Overall, there was little overt resistance to the 1964 Civil Rights Act. The struggle was not yet over, however, as most southern state governments remained under the control of segregationist Democrats. It was a Republican federal judge who desegregated many public facilities in the South. Appointed by President Eisenhower in 1955, Frank Johnson had overturned Montgomery, Alabama's infamous "blacks in the back of the bus" law in his very first decision. During the 1960s, Judge Johnson continued to advance civil rights despite opposition from George Wallace, Lester Maddox, and other Democrat Governors.

------------------------------------

History is cool.....

“Political correctness is a doctrine, fostered by a delusional, illogical minority, and rabidly promoted by an unscrupulous mainstream media, which holds forth the proposition that it is entirely possible to pick up a turd by the clean end.”

it's generally considered proper ettiquette to at least link to your souce(s)....unless you came up with this all by your little own self.

In point of fact, what you should have focused on was not the 'party' labels of Republicans and Dems, but 'philisophical' labels like conservative vs. progressive/liberal.

As you correctly note, many of the southern Democrats in fact were against rights pertaining to minorities, but they were advocating the conservative viewpoint of the day whereas many Republicans (correctly) took a more progressive or even liberal (for it's time) approach to the topic at hand.

Can you see better now with the new glasses?

.

Hey, where'd ya go? You were here a minute ago...

Monkey on meth?

LMAO...cute....like a 5th grade joke is cute...

Wikipedia...

http://en.wikipedia.org/wiki/Civil_Rights_Act_of_1964

I'm getting a bit tired of having to do your research for you...

Ah yes...the "republicans where all liberal and the democrats where all conservative" myth...

So al gore's dad was a filthy conservative racist?

Al Gore was raised by a racist bastard?

Robert Byrd was a grand dragon of the KKK and he's STILL a sitting US DEMOCRAT senator? who STILL uses racial slurs?

Care to nail down the exact year this great transformation took place?

Maybe the decade?

Got a link??????????????????????

nevermind..I'll do it for you:

http://en.wikipedia.org/wiki/History_of_the_United_States_Republican_Party

Realignment: The South becomes Republican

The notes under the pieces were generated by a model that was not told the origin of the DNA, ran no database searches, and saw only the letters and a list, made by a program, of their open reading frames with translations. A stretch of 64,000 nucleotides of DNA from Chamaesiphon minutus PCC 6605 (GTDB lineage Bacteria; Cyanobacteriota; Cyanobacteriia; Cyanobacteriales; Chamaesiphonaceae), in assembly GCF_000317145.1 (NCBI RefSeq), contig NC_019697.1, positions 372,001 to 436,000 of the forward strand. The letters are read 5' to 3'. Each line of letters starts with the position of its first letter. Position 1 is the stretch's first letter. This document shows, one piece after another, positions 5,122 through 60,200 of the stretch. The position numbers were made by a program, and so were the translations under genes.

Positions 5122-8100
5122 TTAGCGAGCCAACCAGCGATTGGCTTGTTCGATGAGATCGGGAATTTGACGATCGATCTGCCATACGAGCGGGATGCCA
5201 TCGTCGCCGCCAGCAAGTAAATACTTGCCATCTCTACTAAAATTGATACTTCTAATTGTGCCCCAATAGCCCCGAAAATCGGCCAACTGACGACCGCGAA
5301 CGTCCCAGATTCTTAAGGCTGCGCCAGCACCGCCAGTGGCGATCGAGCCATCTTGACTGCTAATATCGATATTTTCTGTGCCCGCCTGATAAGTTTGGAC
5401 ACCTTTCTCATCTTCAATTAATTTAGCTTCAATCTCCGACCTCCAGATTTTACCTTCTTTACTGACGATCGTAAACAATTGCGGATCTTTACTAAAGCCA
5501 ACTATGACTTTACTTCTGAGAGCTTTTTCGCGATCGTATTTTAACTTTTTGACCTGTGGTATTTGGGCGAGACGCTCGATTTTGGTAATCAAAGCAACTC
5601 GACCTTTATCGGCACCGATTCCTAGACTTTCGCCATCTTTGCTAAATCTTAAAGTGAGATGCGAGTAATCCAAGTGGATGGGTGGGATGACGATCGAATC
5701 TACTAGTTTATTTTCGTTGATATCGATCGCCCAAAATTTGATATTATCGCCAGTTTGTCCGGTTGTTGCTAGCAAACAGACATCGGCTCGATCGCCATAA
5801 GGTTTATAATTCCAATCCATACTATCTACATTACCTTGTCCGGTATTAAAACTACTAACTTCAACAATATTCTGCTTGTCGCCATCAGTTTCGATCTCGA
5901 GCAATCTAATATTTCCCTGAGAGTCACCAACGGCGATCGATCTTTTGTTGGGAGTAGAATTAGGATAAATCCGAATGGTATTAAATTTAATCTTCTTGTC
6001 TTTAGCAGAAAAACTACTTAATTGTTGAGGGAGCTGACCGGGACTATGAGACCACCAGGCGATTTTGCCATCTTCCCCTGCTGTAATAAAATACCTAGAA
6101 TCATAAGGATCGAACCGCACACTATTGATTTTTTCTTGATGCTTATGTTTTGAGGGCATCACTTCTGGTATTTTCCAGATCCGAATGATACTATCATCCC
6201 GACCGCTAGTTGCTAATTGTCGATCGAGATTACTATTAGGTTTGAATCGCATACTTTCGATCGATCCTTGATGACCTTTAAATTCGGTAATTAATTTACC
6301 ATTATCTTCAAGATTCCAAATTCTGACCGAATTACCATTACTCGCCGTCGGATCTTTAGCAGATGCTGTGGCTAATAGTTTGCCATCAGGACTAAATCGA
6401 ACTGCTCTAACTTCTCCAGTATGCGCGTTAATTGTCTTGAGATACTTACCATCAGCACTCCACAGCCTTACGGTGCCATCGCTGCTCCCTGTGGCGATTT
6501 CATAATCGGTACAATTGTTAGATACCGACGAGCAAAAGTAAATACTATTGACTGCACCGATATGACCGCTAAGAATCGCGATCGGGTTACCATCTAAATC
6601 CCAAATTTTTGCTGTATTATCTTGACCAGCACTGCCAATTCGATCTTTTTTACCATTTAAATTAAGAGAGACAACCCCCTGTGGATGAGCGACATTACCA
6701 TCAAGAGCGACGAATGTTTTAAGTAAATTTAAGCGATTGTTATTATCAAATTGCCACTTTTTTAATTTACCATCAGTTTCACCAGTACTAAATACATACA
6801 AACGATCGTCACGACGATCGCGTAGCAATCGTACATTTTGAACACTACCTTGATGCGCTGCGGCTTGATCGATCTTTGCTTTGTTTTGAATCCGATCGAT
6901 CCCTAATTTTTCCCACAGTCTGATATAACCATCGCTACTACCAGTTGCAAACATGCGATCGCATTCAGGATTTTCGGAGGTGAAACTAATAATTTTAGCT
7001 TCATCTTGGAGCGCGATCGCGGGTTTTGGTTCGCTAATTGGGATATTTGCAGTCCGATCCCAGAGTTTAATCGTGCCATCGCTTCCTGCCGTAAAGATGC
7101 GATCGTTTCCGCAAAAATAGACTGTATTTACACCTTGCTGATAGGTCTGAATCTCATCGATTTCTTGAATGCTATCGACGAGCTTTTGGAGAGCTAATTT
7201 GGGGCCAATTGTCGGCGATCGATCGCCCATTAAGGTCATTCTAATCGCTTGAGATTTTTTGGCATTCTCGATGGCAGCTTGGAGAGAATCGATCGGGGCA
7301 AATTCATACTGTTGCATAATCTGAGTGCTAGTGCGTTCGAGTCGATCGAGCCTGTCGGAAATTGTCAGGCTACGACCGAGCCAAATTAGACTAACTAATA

In the century after Reconstruction, the white South identified with the Democratic Party. The Democrats' lock on power was so strong, the region was called the Solid South. The Republicans controlled certain parts of the Appalachian mountains, and they sometimes did compete for statewide office in the border states. Before 1948, the southern Democrats saw their party as the defender of the southern way of life, which included a respect for states' rights and an appreciation for traditional southern values. They repeatedly warned against the aggressive designs of Northern liberals and Republicans, as well as the civil rights activists they denounced as "outside agitators." Thus there was a serious barrier to becoming a Republican.

In 1948 Democrats alienated white Southerners in two ways. The Democratic National Convention adopted a strong civil rights plank, leading to a walkout by Southerners. Two weeks later President Harry Truman signed Executive Order 9981 integrating the armed forces. From 1948 onward, southern whites looked for political accommodation for their views.

By 1964, the Democratic lock on the South was decisively broken. The long-term cause was that the region was becoming more like the rest of the nation and could not long stand apart in terms of racial segregation. Modernization that brought factories, businesses, and cities, and millions of migrants from the North; far more people graduated from high school and college. Meanwhile the cotton and tobacco basis of the traditional South faded away, as former farmers moved to town or commuted to factory jobs. The immediate cause of the political transition involved civil rights. The civil rights movement caused enormous controversy in the white South with many attacking it as a violation of states' rights. When segregation was outlawed by court order and by the Civil Rights acts of 1964 and 1965, a die-hard element resisted integration, led by Democratic governors Orval Faubus of Arkansas, Lester Maddox of Georgia, and, especially George Wallace of Alabama. These populist governors appealed to a less-educated, blue-collar electorate that on economic grounds favored the Democratic Party, but supported segregation. After passage of the Civil Rights Act most Southerners accepted the integration of most institutions (except public schools). With the old barrier to becoming a Republican removed, traditional Southerners joined the new middle class and the Northern transplants in moving toward the Republican Party. Integration thus liberated Southern politics, just as Martin Luther King had promised. Meanwhile the newly enfranchised black voters supported Democratic candidates at the 85-90% level.